Movements to reopen

Mr. Hatakeyama and I talked about looking for a place to reopen in the Iriya area (an area in the Minami-Sanriku-cho valley). Not that we had any prospects.

After agreeing to keep checking on our trainees and look for a place to reopen, we left the evacuation center on March 18th.

Mr. Hatakeyama and I started working again on March 22nd. Our foundation’s car was fine, so we used that to get around. We were really grateful that Kesennuma City designated vehicles belonging to foundations as emergency vehicles early on, so we got priority access to gasoline.

So I would meet with Mr. Hatakeyama every morning, and we would go around visiting our trainees in different evacuation centers.

Meanwhile we found a location to reopen in at the end of March.

The whole while, as different problems came up, like being unable to get a prefab building, we made a list so we could ask for assistance later.

In the rush to build temporary housing, we did manage to get a prefab even though it was just a rental, so I guess it did go smoothly.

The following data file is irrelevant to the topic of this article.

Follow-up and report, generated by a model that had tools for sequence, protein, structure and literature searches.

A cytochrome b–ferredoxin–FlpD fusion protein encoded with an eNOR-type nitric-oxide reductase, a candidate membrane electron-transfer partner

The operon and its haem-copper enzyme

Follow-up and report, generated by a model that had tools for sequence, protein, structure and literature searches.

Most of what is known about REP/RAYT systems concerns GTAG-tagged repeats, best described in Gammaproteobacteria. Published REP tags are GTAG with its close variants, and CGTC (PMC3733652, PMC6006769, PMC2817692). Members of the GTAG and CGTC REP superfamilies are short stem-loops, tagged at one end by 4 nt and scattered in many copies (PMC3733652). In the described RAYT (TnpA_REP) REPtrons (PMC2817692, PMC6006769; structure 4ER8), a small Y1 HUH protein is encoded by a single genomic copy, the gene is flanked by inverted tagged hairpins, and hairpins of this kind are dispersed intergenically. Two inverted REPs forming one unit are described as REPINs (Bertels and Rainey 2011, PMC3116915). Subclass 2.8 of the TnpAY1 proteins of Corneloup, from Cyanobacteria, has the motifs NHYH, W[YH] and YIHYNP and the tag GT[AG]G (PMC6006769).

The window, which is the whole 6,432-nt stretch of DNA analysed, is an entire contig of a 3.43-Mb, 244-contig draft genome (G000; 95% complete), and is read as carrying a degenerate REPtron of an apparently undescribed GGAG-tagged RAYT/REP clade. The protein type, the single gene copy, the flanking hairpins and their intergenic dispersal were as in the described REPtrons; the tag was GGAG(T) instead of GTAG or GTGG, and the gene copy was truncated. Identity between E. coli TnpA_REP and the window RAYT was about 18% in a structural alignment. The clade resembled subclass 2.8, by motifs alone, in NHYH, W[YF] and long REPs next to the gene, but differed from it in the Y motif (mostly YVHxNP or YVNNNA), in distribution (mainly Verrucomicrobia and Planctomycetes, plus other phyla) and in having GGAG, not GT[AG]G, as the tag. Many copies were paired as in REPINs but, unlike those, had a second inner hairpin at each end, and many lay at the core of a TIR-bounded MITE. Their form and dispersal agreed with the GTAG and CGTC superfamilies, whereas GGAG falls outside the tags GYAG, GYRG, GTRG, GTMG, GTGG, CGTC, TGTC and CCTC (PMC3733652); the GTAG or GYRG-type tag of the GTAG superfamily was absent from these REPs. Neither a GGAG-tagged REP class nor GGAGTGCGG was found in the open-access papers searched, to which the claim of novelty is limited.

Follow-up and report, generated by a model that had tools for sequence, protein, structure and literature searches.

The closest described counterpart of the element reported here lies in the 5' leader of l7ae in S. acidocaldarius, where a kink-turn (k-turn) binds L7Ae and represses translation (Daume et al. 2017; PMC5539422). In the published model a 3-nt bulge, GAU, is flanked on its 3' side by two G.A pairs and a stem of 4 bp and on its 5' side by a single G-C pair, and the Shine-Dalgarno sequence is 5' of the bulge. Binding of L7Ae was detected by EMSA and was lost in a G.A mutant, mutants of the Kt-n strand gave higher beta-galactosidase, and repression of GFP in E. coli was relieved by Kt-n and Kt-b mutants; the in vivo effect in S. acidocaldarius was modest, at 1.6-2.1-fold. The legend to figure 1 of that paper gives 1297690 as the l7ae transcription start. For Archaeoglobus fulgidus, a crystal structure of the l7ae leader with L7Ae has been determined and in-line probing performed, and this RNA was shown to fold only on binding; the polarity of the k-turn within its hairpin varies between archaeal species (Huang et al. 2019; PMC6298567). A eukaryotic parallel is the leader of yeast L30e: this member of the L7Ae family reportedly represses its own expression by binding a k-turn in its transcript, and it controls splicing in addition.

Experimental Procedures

But I think it took a long time from our trainees’ point of view. Every day was long for them. It’s easy for us to say it went quickly, but I think it felt longer to the people in evacuation centers.

I think it was around mid-April when we made a suggestion in order to get our trainees together as they were all scattered in different shelters. They couldn’t bathe at the shelters, so we decided the employees who were available would take the trainees to a bath house 2-3 times a week in Naganuma, Tome City. They just went to take a bath and have a meal. Though it wasn’t everyone.

We did that in April and May, mainly with the trainees living in evacuation. We had no place for everyone to gather, so we went on this way until we reopened in Iriya. It wasn’t everyone all the time, but we were able to get together at the bath house.